Like many people, I’ve been to far many funerals than I would have liked in my life.
Rarely though have I seen someone get as good a send-off as Tommy McConville last Monday week.
When a spontaneous applause erupted throughout the Holy Redeemer as the great man’s coffin was being carried out of the church after Mass, it brought a lump to many a throat.
It was a proper goodbye to one of Dundalk’s greatest characters.
‘Mac’, as he was affectionately known, was an entertainer. Whether it be on the field or in social settings, you couldn’t help but be in good form around him.
For many people he made up a percentage of what made Dundalk such a great place to live and that is one hell of a compliment.
Tommy’s playing career is the stuff of legend and it was fitting that current Lilywhites manager Stephen Kenny described him as Dundalk’s greatest ever player in his programme notes for the recent home match against Cork City.
Apart from on a few occasions in JJB though and, of course, his testimonial and exhibiton matches, I never got to see Mac play. certainly not in his prime at least.
It is a great regret for many that he never got that dream move to Manchester United in his heyday, but Tommy didn’t do regrets. He lived life to the full and met every challenge with a laugh and a smile.
It was his superb sense of humour that made him so popular. A former colleague once told me that he’d almost pay to be in Mac’s company as craic and laughter were guaranteed.
That, I can personally testify to. My fondest memories of Tommy are of each January when myself, Gerry Prendergast, Des Denning and his good friend Dermot Keely set out for the Soccer Writers’ dinner dance.
Together with other locals such as Tony O’Kane, Jim Smyth and Kevin Mulligan, this group became christened the Dundalk mafia.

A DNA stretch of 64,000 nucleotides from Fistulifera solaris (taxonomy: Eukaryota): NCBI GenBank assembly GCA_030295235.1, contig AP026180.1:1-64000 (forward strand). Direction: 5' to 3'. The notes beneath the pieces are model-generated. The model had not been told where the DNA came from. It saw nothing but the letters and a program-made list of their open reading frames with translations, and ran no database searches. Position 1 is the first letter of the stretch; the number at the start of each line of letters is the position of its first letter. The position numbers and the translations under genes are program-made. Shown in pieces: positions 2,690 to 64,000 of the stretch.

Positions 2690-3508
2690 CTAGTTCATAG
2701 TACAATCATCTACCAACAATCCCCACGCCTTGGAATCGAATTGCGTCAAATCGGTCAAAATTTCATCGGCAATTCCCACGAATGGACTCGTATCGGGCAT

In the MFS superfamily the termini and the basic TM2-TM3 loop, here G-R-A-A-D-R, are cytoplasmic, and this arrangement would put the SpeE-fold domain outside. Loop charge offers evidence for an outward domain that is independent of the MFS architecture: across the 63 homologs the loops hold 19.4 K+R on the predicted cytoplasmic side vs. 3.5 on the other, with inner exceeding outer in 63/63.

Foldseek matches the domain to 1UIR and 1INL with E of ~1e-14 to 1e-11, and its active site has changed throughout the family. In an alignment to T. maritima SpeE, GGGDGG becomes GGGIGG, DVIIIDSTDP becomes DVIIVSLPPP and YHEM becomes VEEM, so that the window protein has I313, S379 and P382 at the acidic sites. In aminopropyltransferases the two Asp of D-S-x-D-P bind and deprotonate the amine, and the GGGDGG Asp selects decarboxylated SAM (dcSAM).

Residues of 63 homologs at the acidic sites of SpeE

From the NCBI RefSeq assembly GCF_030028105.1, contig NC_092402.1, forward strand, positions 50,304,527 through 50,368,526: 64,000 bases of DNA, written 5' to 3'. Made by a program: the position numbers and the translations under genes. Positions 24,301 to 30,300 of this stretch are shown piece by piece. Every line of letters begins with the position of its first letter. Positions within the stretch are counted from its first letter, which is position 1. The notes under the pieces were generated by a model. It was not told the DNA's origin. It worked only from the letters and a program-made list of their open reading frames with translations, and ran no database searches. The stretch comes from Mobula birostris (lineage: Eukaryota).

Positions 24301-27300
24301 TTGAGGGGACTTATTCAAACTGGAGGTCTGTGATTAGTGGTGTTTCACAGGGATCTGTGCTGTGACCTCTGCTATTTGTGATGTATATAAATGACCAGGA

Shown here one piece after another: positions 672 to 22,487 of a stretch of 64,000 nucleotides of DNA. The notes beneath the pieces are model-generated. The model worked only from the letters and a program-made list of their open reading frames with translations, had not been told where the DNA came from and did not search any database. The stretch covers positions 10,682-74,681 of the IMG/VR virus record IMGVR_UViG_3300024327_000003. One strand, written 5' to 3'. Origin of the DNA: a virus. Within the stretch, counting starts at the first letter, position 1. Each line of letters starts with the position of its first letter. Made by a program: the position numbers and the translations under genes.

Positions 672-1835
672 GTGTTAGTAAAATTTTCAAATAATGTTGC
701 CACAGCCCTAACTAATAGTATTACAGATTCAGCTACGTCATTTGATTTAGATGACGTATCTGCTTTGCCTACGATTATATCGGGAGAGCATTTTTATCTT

The craic was always good and, of course, Tommy was at the heart of it.
At such an event you are surrounded by journalists, players, managers and coaches from all over and – to a man – you could see that each of them held Tommy in the highest regard.
He had a lot of famous and well-known friends but Tommy always stayed true to his roots. A prouder Dundalk man you could not meet and in his own way he was a great ambassador and promoter of the town.
There are very few people that can instantly lift your mood when they walk in a room. Tommy was one of them.
Even when illness was upon him, he maintained his good spirits and on my last occasion meeting him socially he even gave a rousing rendition of his old favourite “I left my heart in San Francisco” in McAlester’s in Bridge Street.
This January his presence will be sorely missed when the Soccer Writers convene once more. There’ll be no sign of that mischievous grin that was always present when Tommy and Keely got together.
His spirit will be there though and we’ll think back to the many great memories he gave us.
Tommy McConville, one of life’s great entertainers.
Many people talked a great game. Tommy Mac lived one.
He used to always say we’re here for a good time, not a long time. Tommy Mac lived a great life and he made many other people’s lives a little bit better too.